Two exceptional, ambitious, but very different, lawyers are assigned to work on the same case. Whichever one most distinguishes herself will get the only available partnership place.
As they work to defend one of their firm’s most valuable clients from a murder charge, they face a different and unexpected problem: the growing attraction between them. Continue reading “Love’s Verdict – Carsen Taite (Review)”
Ukiah Oregon knows little about his past. Raised by wolves and then by adoptive parents, he doesn’t even know how old he is. That’s not the only thing that sets him apart – he has a perfect memory, preternatural senses, and severe injuries heal in hours.
Working as a tracker, he’s solved mysteries and saved lives. But when a tracking case going violently wrong, Ukiah gets his first clues to both his real origins and a secret war that endangers the whole of humanity. Continue reading “Alien Taste – Wen Spencer (Review)”
There are countless films with the basic premise that sometimes, dead things don’t stay dead, and that’s a problem that someone has to deal with. In this film, the “someone” is the Rest In Peace Department, or R.I.P.D.
Continue reading “R.I.P.D. (2013) – Review”
When Daisy Wells and Hazel Wong set up their very own secret detective agency at Deepdean School for Girls, they struggle to find any truly exciting mysteries to investigate. (Unless you count the case of Lavinia’s missing tie. Which they don’t.)
Then Hazel discovers the Science Mistress, Miss Bell, lying dead in the Gym. She assumes it was a terrible accident – but when she and Daisy return five minutes later, the body has disappeared. Now Hazel and Daisy not only have a murder to solve: they have to prove one happened in the first place. Continue reading “Murder Most Unladylike – Robin Stevens (Review)”
After criminals kill his family and the justice system fails him, an inventor (Gerard Butler) starts taking the law into his own hands. Though he’s quickly imprisoned, the killings don’t stop. The prosecutor (Jamie Foxx) who let him down when his family was murdered is the only person who might be able to stop the slaughter. Continue reading “Law-Abiding Citizen (2009) – Review”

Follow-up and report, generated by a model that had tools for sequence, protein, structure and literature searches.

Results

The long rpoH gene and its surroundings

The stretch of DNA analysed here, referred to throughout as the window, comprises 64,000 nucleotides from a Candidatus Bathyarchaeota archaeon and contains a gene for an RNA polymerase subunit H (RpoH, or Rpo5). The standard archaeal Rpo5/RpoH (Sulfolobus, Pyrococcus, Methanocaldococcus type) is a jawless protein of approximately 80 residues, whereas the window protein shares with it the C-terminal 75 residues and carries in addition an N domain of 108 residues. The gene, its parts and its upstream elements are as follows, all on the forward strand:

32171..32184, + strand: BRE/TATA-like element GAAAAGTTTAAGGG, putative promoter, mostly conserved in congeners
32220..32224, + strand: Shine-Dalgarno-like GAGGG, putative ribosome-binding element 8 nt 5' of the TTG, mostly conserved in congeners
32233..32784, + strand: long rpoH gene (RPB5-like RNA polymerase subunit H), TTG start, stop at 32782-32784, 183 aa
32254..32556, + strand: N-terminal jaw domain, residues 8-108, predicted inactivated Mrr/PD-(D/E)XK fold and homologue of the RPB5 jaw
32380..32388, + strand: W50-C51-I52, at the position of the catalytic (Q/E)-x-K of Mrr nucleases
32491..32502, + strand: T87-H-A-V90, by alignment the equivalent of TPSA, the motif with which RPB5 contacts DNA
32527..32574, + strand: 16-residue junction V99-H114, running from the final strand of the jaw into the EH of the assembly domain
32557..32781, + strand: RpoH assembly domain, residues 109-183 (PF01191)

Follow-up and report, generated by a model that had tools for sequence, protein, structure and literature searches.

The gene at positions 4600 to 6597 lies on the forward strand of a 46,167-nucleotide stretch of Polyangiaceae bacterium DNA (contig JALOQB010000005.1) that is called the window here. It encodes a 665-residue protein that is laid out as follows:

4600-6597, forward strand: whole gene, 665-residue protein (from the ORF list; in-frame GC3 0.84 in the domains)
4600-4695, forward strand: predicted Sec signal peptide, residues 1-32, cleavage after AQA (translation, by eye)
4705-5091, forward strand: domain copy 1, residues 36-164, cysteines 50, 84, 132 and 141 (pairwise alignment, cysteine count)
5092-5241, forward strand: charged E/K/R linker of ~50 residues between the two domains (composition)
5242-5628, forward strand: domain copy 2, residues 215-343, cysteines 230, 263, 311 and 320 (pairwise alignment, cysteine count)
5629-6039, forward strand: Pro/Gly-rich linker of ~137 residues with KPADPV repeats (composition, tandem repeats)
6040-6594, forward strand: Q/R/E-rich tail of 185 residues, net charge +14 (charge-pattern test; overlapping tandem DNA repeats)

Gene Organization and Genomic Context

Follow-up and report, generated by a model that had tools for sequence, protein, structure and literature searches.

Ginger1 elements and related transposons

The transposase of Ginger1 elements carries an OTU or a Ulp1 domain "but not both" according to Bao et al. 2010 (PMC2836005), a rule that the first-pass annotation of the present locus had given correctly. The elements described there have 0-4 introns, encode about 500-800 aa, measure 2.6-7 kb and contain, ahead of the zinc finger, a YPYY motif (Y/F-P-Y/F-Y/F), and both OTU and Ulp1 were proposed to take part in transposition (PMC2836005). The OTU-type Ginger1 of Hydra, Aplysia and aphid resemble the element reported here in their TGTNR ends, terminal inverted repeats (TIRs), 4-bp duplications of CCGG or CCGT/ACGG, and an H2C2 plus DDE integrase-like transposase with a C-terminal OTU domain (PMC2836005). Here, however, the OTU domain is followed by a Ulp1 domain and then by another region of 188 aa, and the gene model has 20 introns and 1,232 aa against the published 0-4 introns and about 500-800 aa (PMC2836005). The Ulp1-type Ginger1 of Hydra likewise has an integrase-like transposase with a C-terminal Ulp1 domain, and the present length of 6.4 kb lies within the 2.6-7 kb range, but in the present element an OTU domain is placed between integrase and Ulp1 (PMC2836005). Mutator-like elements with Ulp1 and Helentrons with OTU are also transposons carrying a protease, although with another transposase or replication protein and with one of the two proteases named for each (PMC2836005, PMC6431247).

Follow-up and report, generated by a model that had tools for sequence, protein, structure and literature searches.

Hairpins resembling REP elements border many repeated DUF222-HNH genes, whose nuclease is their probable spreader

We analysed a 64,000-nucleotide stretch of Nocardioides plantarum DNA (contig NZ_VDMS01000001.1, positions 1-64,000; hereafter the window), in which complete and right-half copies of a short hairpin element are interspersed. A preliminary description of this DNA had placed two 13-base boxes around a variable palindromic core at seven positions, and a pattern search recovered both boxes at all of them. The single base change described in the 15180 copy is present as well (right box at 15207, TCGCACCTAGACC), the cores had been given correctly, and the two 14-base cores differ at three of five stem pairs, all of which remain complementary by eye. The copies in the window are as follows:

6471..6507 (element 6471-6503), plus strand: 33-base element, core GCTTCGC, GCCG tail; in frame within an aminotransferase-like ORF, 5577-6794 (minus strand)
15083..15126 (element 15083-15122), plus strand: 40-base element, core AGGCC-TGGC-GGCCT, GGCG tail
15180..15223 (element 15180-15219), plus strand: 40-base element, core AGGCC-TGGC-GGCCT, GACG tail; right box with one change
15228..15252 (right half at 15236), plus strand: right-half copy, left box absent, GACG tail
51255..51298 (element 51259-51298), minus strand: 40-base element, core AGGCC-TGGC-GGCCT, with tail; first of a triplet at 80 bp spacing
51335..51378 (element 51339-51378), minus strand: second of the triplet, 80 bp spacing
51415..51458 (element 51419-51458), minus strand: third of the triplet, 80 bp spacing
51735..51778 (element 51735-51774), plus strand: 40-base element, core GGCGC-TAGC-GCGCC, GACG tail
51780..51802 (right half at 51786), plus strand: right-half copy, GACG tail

Everyone knows what a mobster looks like. We know how they talk, how they dress, how they relate to each other. We know about their secret rituals, and about the iron rules they live by.
We know about these because of the media. The Godfather, The Sopranos, Guys and Dolls. Arguably, the media created the Mafia aesthetic as much as it portrayed it. I read once, though I can sadly no longer find a source, that the FBI’s job got much easier after The Godfather was released, because all of the gangsters started dressing like the characters.
Goodfellas is a cinematic classic, and it’s definitely one of the most important films for cementing the cultural idea of how the mob looks and acts. I’ve only just got around to watching it. Continue reading “Goodfellas (1990) – Review”
Ray Breslin (Sylvester Stallone) wrote the book on breaking out of prisons. That’s not a metaphor, as almost every character in this film has read the book, and keeps a copy of it nearby for dramatic effect.
Ray makes his living by stress-testing maximum security prisons. Disguised as a convict, Ray is inserted into prisons so that he can break his way out, and then identify the security flaws. He’s broken out of every prison he’s ever been inside, and he’s confident in his abilities.
When a secret black-ops prison needs testing, they come to Ray. And they come prepared to pay a large amount of money for his services, particularly if he overlooks normal security procedures. As you might imagine, it turns out that this prison is both more secure and more evil than other prisons, and now he has to break out for real.
Continue reading “Escape Plan (2013) – Review”